I think the American black community is in a real Catch-22. Catch-22 was the novel by Joseph Heller that coined the phrase used more broadly to mean a problem for which there’s a no good solution. A no-win situation.

If a handcuffed, unarmed black man is killed needlessly by the police and the black community peacefully protests, nothing changes. If a handcuffed, unarmed black man is killed needlessly by the police and the black community erupts in anger and violence, THAT becomes the story and all the talk is about the senselessness of burning down your own community.

To the people who are talking more about this than you are about George Floyd, I have a question for you and an idea for you.

Have you ever gotten so mad at a situation, so angry about a spouse cheating on you or some huge unfairness happening on your job, that you slammed a door, pounded your fist on your dashboard, or maybe even broke something you owned or put a fist through your own wall in disgust? See the episode of Atypical when Doug reacts to Elsa’s cheating on him for example. Doesn’t make much sense to punch your own wall, does it? But that’s just how goddamn angry you are.

What’s happening across our country is the societal version of the same thing. I’m not saying it makes sense. I’m certainly not saying it’s right nor am I saying it’s acceptable. I’m saying if you don’t understand from where the anger is coming you can’t speak thoughtfully on the matter.

An idea to help you understand this anger?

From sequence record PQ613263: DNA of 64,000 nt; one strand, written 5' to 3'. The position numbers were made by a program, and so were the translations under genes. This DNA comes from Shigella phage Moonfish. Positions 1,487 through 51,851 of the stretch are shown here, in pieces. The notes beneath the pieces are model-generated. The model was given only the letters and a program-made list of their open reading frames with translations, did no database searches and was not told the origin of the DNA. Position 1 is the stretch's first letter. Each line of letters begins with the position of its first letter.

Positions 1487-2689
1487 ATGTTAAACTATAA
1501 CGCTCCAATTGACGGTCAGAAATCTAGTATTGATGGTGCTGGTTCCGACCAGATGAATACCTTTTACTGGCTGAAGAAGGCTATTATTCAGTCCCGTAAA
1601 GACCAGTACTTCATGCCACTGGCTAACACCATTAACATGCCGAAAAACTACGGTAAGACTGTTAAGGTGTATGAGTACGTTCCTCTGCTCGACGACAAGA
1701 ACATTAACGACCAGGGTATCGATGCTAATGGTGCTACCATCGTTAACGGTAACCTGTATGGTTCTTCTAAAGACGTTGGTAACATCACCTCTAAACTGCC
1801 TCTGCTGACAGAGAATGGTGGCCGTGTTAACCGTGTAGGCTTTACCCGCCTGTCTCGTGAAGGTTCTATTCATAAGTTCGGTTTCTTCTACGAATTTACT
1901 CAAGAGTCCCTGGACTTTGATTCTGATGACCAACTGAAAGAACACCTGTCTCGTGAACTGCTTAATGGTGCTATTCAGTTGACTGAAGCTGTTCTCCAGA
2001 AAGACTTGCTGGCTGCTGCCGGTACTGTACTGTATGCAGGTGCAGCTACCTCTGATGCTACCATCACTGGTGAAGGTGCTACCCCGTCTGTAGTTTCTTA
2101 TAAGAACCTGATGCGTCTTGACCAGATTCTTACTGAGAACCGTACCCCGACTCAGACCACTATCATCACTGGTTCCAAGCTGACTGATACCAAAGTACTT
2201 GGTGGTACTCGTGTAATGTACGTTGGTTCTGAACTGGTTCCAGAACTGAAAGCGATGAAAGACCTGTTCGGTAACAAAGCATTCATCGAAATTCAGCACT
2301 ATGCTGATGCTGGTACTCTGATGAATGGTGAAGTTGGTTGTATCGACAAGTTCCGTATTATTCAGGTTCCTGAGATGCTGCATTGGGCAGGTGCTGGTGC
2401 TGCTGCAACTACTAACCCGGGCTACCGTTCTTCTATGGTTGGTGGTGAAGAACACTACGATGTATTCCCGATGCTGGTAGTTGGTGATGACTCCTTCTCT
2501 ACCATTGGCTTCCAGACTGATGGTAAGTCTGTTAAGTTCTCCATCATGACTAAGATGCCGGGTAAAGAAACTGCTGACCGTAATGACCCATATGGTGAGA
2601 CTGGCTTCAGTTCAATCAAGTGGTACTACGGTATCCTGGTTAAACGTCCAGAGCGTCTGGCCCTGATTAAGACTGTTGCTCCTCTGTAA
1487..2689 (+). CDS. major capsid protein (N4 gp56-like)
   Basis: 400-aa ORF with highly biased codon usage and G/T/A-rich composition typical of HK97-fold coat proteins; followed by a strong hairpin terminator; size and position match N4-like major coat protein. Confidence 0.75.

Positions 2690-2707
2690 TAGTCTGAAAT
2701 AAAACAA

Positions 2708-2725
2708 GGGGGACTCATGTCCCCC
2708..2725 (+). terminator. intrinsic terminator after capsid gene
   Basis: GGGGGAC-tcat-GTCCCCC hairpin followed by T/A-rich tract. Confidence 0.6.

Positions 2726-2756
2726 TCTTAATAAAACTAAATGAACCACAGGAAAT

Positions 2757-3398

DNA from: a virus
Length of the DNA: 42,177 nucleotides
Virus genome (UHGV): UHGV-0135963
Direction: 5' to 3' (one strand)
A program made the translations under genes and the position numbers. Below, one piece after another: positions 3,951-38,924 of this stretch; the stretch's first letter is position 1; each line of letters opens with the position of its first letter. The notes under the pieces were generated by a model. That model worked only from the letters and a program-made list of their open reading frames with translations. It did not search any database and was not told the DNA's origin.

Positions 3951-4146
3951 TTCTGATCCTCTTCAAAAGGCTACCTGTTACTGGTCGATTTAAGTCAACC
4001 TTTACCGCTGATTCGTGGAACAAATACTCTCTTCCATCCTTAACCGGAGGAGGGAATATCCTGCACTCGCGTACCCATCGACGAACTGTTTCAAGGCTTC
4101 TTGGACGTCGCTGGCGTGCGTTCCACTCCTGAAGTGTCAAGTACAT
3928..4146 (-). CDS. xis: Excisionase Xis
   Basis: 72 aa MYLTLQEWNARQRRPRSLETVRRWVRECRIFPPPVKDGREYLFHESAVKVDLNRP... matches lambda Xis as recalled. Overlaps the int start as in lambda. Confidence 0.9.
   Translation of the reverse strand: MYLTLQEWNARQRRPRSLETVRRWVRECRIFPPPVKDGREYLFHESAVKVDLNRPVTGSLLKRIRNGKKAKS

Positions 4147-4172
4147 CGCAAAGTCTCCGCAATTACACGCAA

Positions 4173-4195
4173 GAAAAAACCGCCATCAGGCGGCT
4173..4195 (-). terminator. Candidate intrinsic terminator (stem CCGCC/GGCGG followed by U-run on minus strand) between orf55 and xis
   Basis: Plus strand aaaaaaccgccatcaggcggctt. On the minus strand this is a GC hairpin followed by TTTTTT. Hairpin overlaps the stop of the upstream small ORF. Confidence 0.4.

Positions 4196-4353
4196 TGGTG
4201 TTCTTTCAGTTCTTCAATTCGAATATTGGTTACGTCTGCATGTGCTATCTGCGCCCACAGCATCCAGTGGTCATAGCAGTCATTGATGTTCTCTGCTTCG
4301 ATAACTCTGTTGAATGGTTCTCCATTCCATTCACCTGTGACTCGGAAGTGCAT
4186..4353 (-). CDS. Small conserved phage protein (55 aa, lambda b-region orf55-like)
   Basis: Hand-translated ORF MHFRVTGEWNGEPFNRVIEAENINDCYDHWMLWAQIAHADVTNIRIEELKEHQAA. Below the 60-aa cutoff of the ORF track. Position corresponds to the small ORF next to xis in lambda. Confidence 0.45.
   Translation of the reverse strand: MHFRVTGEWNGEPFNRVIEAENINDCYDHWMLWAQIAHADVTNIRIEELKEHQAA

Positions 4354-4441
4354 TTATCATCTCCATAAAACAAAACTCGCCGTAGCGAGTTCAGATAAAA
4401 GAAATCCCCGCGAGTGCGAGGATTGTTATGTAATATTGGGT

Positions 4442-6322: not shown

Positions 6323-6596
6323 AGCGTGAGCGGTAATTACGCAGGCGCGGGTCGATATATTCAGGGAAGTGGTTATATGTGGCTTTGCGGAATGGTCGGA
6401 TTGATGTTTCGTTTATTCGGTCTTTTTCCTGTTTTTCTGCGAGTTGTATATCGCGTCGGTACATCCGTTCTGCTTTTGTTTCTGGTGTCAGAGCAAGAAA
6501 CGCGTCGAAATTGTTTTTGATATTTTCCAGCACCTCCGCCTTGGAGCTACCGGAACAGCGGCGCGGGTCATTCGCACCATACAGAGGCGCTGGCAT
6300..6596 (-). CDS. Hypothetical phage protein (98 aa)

Watch this video. Not just a minute or two. Watch the whole thing. And please watch it three times.

Note: This video contains profanity and violence but is being posted due to significant social importance

First, remember that George Floyd was already down on the ground, unarmed, with his arms handcuffed behind his back. Watch it all the way through focusing only on George Floyd. Look only at his face. Hear his strain as he tells the officers he’s in trouble. Watch him go limp. Watch him become unresponsive. You’re seeing a man die. Keep watching, only his face, all the way to the end, and note how that knee never stops compressing his neck until the EMTs are ready to throw his limp body onto a gurney.

Now watch it again and pay attention only to the bystanders who are begging with the police to let George Floyd breathe. No one is begging to release him from custody. Just let him breathe. These bystanders, while coarse in language, are clearly understanding what is happening to Floyd and they are desperately explaining it to the cops. They are telling them that they are killing this man.

Now watch a third time and look only at Derek Chauvin, the officer whose knee remains compressing Floyd’s neck continuously. Watch his face as bystanders are imploring him to let this man live.

He. Indifferently. Never. Listens.

Not only does he not listen, he doesn’t even acknowledge them in any real way.

This serves as a microcosm for what black America must have felt for so long now. They aren’t being heard, they aren’t being acknowledged. No one listens. The rage builds.

There have been many incidents labeled as police brutality in which I side with the police. However there are plenty of others where you cannot with good conscience see it as anything but wrong. The Walter Scott shooting in South Carolina was one of these. That cop was sentenced to 20 years and justifiably so. This case is another.

What happened in Minnesota was not a split second decision where an officer got it wrong in good faith. It was not the tragic byproduct of law enforcement doing a difficult job. What happened to George Floyd was a crime and that crime was murder.

If you want to know why riots are happening, watch the damn video. If you’re not angry when you’re done then you’re part of the problem.

The post above reflects the thoughts and observations of New Jersey 101.5 talk show host Jeff Deminski. Any opinions expressed are Jeff Deminski's own.

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